Annual Liturgical Week meetings served as the primary means for the Conference to promote the liturgy and lay participation in it. These meetings began in 1940, and increased in attendance and influence through 1968. They included instructional talks and pioneering liturgical practices such as the revived Easter Vigil and commentated Masses. The peak of attendance came around 1964, when the Liturgical Week program included the first High Mass offered in English in the Roman Rite, celebrated by Martin B. Hellriegel, a founding member of the Conference.
The themes addressed at Liturgical Week meetings included the organic nature of the Christian community as the Mystical Body of Christ, Christ as the sole mediator between God and man, the Christian life in Christ as strengthened through the sacraments and the Mass, the Bible as the formative word of God, the artistic expression of life in Christ (particularly through Gregorian chant, graphic arts, and architecture), the promotion of the vernacular, and the reform of liturgical rites.
The Liturgical Conference became primarily a publishing house after 1968, publishing books and two journals, Homily Service (discontinued in 2010) and Liturgy. It merged with the inter-Lutheran Society for Worship, Music and the Arts in 1979, and has continued to broaden ecumenical relationships since.
Barrett, Noel Hackmann. Martin B. Hellriegel: Pastoral Liturgist. St. Louis: Catholic Central Union of America, 1990.
Fenwick, John R.K., and Bryan D. Spinks. Worship in Transition: The Liturgical Movement in the Twentieth Century. New York: Continuum, 1995.
Hughes, Kathleen. How Firm a Foundation: Voices of the Early Liturgical Movement. Chicago, IL: Liturgy Training Publications, 1990.
Jungmann, J.A. The Liturgical Movement. Derby, NY: St. Paul Publications, 1966.
Liturgical Conference (website). liturgicalconference.org. Accessed October 12, 2022.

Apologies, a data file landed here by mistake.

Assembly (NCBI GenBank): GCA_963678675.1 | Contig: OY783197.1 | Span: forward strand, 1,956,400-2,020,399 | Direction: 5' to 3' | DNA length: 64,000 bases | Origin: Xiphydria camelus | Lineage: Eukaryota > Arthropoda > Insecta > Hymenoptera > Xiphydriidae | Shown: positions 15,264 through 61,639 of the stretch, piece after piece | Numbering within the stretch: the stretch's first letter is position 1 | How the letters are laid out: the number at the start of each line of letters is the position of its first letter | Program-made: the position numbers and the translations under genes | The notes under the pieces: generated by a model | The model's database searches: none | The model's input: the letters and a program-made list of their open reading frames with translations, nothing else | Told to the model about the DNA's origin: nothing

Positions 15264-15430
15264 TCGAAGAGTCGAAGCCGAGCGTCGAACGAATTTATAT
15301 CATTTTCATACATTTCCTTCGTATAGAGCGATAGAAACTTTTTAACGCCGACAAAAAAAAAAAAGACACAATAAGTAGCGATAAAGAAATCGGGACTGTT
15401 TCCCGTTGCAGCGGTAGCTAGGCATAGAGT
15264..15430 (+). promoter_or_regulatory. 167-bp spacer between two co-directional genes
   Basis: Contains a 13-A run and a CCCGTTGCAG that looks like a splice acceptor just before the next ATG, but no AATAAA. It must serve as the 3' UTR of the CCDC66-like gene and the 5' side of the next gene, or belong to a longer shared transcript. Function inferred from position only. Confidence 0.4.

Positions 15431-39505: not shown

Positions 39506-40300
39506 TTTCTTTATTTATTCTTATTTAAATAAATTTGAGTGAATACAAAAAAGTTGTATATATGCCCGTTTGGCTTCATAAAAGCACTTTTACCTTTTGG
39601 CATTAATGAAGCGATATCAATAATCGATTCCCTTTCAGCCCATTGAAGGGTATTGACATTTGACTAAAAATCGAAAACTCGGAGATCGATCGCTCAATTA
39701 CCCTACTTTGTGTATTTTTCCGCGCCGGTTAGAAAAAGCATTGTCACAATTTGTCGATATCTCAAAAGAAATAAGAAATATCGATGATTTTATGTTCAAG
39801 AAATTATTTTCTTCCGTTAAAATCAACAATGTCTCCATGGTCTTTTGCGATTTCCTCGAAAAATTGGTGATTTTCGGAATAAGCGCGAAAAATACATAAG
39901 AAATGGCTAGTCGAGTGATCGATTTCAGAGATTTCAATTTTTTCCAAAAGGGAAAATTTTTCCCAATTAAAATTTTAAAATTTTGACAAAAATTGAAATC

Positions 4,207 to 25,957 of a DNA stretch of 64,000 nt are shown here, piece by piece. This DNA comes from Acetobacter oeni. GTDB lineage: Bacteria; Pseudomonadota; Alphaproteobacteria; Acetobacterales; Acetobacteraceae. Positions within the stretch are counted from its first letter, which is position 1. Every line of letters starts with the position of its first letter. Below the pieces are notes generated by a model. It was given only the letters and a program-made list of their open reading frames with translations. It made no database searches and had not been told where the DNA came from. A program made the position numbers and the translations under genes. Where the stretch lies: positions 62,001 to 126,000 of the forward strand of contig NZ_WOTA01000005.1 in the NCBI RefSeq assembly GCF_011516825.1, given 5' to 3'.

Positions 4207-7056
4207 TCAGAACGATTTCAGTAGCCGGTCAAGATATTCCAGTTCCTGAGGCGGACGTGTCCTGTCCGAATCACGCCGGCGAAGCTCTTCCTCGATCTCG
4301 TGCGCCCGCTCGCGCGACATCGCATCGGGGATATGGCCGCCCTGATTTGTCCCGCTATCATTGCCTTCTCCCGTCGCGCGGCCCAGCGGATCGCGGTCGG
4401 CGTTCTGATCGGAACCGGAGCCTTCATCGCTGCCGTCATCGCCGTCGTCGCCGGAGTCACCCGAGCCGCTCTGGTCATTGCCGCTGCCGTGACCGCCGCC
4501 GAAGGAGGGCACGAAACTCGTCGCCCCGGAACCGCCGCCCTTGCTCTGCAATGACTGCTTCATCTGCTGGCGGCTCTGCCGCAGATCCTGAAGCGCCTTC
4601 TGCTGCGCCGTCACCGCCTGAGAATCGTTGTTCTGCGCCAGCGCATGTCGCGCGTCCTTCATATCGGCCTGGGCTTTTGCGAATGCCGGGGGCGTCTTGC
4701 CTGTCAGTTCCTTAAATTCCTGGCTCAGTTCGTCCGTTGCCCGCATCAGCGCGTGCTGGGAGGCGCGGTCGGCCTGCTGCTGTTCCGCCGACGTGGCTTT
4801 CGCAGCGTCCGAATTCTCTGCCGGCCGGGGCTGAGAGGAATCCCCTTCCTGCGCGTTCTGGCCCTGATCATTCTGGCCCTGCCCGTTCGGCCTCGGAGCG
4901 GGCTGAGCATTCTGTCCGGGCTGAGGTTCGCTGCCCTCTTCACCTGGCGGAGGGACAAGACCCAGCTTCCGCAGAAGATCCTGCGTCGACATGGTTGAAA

Madden SJ, Lawrence. "The Liturgical Conference of the U.S.A.: Its Origin and Development: 1940-1968." Ph.D. dissertation, Trier Theological, 1969. Liturgy and Life Collection. John J. Burns Library. Boston College.
"Liturgical Conference Constitution and Bylaws". Box 10, Folder 56, Liturgical Conference records, MS.2004.092. John J. Burns Library, Boston College.
Pecklers, Keith F. The Unread Vision: The Liturgical Movement in the United States of America: 1926-1955. Collegeville, MN: The Liturgical Press, 1998.
Torevell, David. Losing the Sacred: Ritual, Modernity, and Liturgical Reforms. Edinburgh: T and T Clark, 2000.
10.5 Linear Feet (15 containers)
2 Gigabytes (5 files with approximately 1 hour of audio)
Language of Materials
The Liturgical Conference is an organization originally comprised of religious and lay Catholics working towards liturgical reforms and greater lay involvement in the liturgy. The collection consists of organizational records once held by Thomas J. Carroll, SJ, Martin B. Hellriegel, William J. Leonard, SJ, and Shawn Sheehan, and includes correspondence, reports, minutes, and photographs.
Arranged into four series by provenance, plus an additional series of audio and visual materials: I. Thomas J. Carroll, SJ files; II. Martin B. Hellriegel files; III. William Leonard, SJ files; IV. Shawn Sheehan files; V. Audio and graphic materials.
Each of the first four series is further arranged into four sub-series: A. Administrative; B. Correspondence; C. Meetings; and D. Writings.
Immediate Source of Acquisition
Records in this collection were assembled from papers of Liturgical Conference officers Thomas Carroll, SJ; Martin B. Hellriegel; William J. Leonard, SJ; and Shawn Sheehan.
- Duplicates, monthly financial reports from Hellriegel accession
- Liturgical Conference records
- 1927-1990 (bulk 1945-1969)
- Sarah K. Nytroe, 2006. Revised by Elizabeth Peters, 2022
- Description rules
- Describing Archives: A Content Standard
- Language of description
- Script of description
- 2022 October: Incorporated Hellreigel papers. Intellectually arranged materials into parallel subseries. Revised collection-level notes.